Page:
Insulin and IGF-1 increase mitogenesis and glucose metabolism in the multiple myeloma cell line, RPMI 8226.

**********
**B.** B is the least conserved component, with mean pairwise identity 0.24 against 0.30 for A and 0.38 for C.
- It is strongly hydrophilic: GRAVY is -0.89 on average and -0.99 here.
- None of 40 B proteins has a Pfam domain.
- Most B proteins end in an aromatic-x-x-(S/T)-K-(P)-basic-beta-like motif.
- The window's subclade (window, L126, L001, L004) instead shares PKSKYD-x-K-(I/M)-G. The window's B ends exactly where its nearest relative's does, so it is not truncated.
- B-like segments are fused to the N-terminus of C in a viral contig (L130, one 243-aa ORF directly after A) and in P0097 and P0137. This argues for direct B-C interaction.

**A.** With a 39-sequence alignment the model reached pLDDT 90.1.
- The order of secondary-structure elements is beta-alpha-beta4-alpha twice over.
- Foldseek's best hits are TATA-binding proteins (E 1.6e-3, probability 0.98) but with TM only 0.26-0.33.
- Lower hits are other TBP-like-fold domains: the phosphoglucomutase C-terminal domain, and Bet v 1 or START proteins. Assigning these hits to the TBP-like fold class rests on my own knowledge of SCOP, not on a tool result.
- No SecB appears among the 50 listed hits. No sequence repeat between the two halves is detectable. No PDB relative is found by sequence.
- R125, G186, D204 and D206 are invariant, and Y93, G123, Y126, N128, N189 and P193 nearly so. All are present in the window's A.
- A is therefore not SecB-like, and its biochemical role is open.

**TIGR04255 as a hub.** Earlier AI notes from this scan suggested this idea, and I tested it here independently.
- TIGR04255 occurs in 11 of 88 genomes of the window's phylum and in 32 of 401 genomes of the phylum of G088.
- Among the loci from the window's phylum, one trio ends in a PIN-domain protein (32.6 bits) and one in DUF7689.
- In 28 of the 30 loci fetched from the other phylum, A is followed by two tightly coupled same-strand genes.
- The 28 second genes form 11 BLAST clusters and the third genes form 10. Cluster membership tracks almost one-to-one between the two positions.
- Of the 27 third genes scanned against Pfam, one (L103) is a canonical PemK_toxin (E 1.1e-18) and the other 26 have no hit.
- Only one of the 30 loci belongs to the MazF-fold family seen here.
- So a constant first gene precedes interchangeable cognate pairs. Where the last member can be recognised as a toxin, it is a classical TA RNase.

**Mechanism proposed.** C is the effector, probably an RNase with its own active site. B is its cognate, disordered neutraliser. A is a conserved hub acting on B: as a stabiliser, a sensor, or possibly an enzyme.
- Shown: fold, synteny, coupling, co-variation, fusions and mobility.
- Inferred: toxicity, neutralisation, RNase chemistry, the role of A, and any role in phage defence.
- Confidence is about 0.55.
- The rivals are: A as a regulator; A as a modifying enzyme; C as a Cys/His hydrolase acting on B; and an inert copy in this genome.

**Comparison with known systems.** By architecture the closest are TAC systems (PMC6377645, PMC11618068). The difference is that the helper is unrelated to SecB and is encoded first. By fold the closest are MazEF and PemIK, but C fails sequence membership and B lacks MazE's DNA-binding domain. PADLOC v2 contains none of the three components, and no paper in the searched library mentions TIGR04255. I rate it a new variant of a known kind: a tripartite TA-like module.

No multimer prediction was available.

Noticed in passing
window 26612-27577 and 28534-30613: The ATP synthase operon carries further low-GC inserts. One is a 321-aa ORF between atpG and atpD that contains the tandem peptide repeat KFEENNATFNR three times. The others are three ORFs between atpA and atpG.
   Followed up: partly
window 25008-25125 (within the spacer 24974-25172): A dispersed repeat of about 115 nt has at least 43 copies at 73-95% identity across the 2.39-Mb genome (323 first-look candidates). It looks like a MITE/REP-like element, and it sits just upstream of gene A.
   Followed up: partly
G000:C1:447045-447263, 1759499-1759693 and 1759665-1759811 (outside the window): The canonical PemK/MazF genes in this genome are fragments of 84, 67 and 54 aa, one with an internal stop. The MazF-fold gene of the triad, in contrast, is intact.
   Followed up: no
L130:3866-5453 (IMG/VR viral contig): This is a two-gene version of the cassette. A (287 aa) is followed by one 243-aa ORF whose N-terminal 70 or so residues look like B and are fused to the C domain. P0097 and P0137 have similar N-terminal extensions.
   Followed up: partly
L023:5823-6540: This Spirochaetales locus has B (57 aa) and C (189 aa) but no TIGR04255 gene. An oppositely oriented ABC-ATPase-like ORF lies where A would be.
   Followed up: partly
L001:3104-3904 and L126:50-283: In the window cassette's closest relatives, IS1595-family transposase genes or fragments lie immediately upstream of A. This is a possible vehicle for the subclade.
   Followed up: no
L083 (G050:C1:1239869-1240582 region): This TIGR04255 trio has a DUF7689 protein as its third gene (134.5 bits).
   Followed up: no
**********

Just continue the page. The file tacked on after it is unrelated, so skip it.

Insulin receptors and insulin-like growth factor-1 (IGF-1) receptors are present in circulating human B lymphocytes (B cells) and certain B cell malignancies, but no function has been attributed to either receptor. We report a human myeloma cell line, RPMI 8226, that exhibits insulin and IGF-1-dependent receptor and substrate tyrosine phosphorylation as well as hormone-responsive cellular metabolism. Competitive hormone-binding analysis revealed that the cell line expressed approximately 4 x 10(3) high affinity insulin binding sites and 1.1 x 10(4) high affinity IGF-1 binding sites per cell. The Kd of the insulin-binding sites for insulin was 0.32 nM. The Kd of high affinity IGF-1 binding sites for IGF-1 was 0.89 nM. Insulin receptor autophosphorylation was maximum at 200 nM as was tyrosine phosphorylation of the 180-kDa cytosolic receptor substrate. Insulin-dependent activation of phosphatidylinositol 3-kinase paralleled receptor phosphorylation. In contrast, IGF-1 produced its maximum effects at 200 nM for receptor phosphorylation and 20 nM for substrate phosphorylation and PI 3-kinase activation. In growth synchronized cells, IGF-1 and insulin at 200 nM increased DNA synthesis by 122 +/- 18% and 101 +/-27%, respectively. IGF-1 increased DNA synthesis 88 +/-21% at 2 nM and the effect of insulin at 2 nM was 34 +/-12%. Flux through the glycolytic pathway was also increased by insulin and IGF-1. At 200 and 2 nM, insulin increased production of lactate by 33 +/-9% and 19 +/- 11%, respectively. IGF-1 increased lactate production 47 +/-3% and 23 +/-3% at identical hormone concentrations. Finally, in two additional myeloma cell lines, U266 (human) and Ag8.653 (mouse), insulin and IGF-1 increased tyrosine phosphorylation of receptor beta-subunit (95 kDa), the prominent 180-kDa substrate (pp185), and several other substrates. Thus, functional insulin and IGF-1 receptors are present in myeloma cell lines. Through these receptors, insulin and IGF-1 regulate mitogenesis and glucose metabolism, and may be important in potentiating plasma cell malignancy.